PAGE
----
Having been a college student for the past four years, my predilection for beer has been tainted by a 30-rack of lukewarm PBR, a keg of flat Natural Light or, the worst, a red Solo cup of whatever cheap beer left in the fridge that has been sullied by dirty ping pong ball in a game of beer pong. Coupled with the fear of gaining a mounting beer belly as portrayed by Homer Simpson, I never acquired the taste for beer and would grudgingly drink just a sip of green beer to celebrate St. Patrick's Day once a year.
So when I attended the NYC Craft Beer Festival with my beer-loving boyfriend last Friday, it was more of a challenge to test my tolerance for beer than an enjoyment of unlimited tasting for 3.5 hours. Upon entering the massive, open venue at the Lexington Armory, we encountered endless rows of breweries pouring samples of craft beers into our 2-ounce tasting glasses. In total, the festival featured more than 150 varieties of beer and ciders from 75 breweries around the world. People say to never judge a book by its cover, but because I did not know anything about beer to begin with, I decided which beer to drink on a case-by-case basis depending on the design of its can or a bottle.
One of my favorites was the sparking ginger beer from the Edinburg-based Crabbie's, which was served with a cube of ice and topped with a slice of lime. I promise the fact that this drink looked more like a fruity cocktail and tasted like ginger ale had little to do with my liking for this beer. Another brewery that caught my eyes was the Magic Hat Brewery from South Burlington, Vermont. Its circus-themed station with a dangling paper skeleton was enough to direct my feet to the booth for a taste of its seasonal Elder Betty, a Weiss-style ale with bready malt flavor balanced by a touch of hops and complemented by the tart berry flavors of elderberry.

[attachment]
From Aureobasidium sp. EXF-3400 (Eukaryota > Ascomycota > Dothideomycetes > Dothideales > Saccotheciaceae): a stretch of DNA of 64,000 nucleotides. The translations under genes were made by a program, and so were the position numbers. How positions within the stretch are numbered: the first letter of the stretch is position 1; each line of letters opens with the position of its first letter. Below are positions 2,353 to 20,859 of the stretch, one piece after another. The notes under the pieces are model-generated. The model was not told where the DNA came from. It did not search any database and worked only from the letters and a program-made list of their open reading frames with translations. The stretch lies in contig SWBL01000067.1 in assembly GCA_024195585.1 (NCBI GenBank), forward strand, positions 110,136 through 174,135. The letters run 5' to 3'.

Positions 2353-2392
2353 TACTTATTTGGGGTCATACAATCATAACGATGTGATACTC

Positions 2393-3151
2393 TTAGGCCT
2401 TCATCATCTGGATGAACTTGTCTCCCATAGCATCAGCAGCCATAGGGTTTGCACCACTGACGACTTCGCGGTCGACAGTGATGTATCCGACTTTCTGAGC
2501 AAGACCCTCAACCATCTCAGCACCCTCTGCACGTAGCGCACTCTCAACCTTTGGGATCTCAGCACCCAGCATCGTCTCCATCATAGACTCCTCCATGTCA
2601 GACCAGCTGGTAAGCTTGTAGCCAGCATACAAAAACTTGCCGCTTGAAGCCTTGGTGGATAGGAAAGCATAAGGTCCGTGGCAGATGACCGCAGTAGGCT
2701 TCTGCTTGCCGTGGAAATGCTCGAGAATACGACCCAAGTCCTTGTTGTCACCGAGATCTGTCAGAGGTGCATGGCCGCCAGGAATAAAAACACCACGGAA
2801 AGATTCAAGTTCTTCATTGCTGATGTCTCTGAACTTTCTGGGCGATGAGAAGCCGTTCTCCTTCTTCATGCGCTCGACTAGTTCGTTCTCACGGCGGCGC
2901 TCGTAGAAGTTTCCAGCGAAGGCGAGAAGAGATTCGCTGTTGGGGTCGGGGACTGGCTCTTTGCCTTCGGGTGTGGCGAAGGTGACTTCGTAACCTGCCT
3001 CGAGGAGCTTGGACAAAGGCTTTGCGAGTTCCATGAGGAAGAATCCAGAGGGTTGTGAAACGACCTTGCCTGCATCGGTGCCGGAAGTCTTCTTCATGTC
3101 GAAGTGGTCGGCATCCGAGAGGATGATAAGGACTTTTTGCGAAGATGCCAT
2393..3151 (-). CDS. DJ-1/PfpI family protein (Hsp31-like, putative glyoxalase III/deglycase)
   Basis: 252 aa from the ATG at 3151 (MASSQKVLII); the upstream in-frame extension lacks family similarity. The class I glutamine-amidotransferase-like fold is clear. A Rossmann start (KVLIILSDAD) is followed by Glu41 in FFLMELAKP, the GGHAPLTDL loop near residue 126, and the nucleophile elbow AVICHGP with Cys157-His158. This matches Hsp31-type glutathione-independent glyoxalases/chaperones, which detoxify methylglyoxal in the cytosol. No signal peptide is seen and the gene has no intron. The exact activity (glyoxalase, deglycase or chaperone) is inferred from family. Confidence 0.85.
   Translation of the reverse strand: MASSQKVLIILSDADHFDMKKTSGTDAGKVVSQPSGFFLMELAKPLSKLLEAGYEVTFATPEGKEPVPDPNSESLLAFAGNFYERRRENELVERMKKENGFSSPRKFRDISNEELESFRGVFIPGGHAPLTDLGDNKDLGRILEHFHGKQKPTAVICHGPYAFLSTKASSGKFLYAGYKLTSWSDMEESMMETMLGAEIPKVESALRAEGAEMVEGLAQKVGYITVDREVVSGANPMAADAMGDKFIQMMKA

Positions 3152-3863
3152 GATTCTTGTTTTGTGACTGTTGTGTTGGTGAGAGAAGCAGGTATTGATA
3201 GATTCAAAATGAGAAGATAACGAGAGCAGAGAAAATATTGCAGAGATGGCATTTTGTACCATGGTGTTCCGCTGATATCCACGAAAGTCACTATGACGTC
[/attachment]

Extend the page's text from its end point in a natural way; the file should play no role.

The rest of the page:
While most breweries served their best-selling and seasonal ale or lager, there was one "brewery" that distinctively stood out from the others. Tucked away in the basement level of the Connoisseur Lounge, Enlightenment Wines, which operates from a family farmstead in the Hudson Valley, showcased four varieties of meads and botanical fruit wines. Raphael Lyon, the founder of Enlightenment Wines, also led a seminar aimed at educating consumers about this esoteric drink.
In addition to the educational seminar, the festival also featured the first-ever Craft Beer Concierge Center, where consumers could ask any beer-related questions to the on-site Cicerones (beer sommeliers), as well as beer pairings like grilled cheese, hot dogs, and pretzels. Since its debut in March 2012, the NYC Craft Beer Festival has grown to three seasonal shows per year. The next tasting will take place in November.
While I did not become a beer aficionado by the end of the 3.5-hour long tasting, I now know much more about this thirst quencher -- at the least that there is an expansive selection of craft beers beyond the typical fares from college, of Coors!
Photo courtesy of Andrew Dominick
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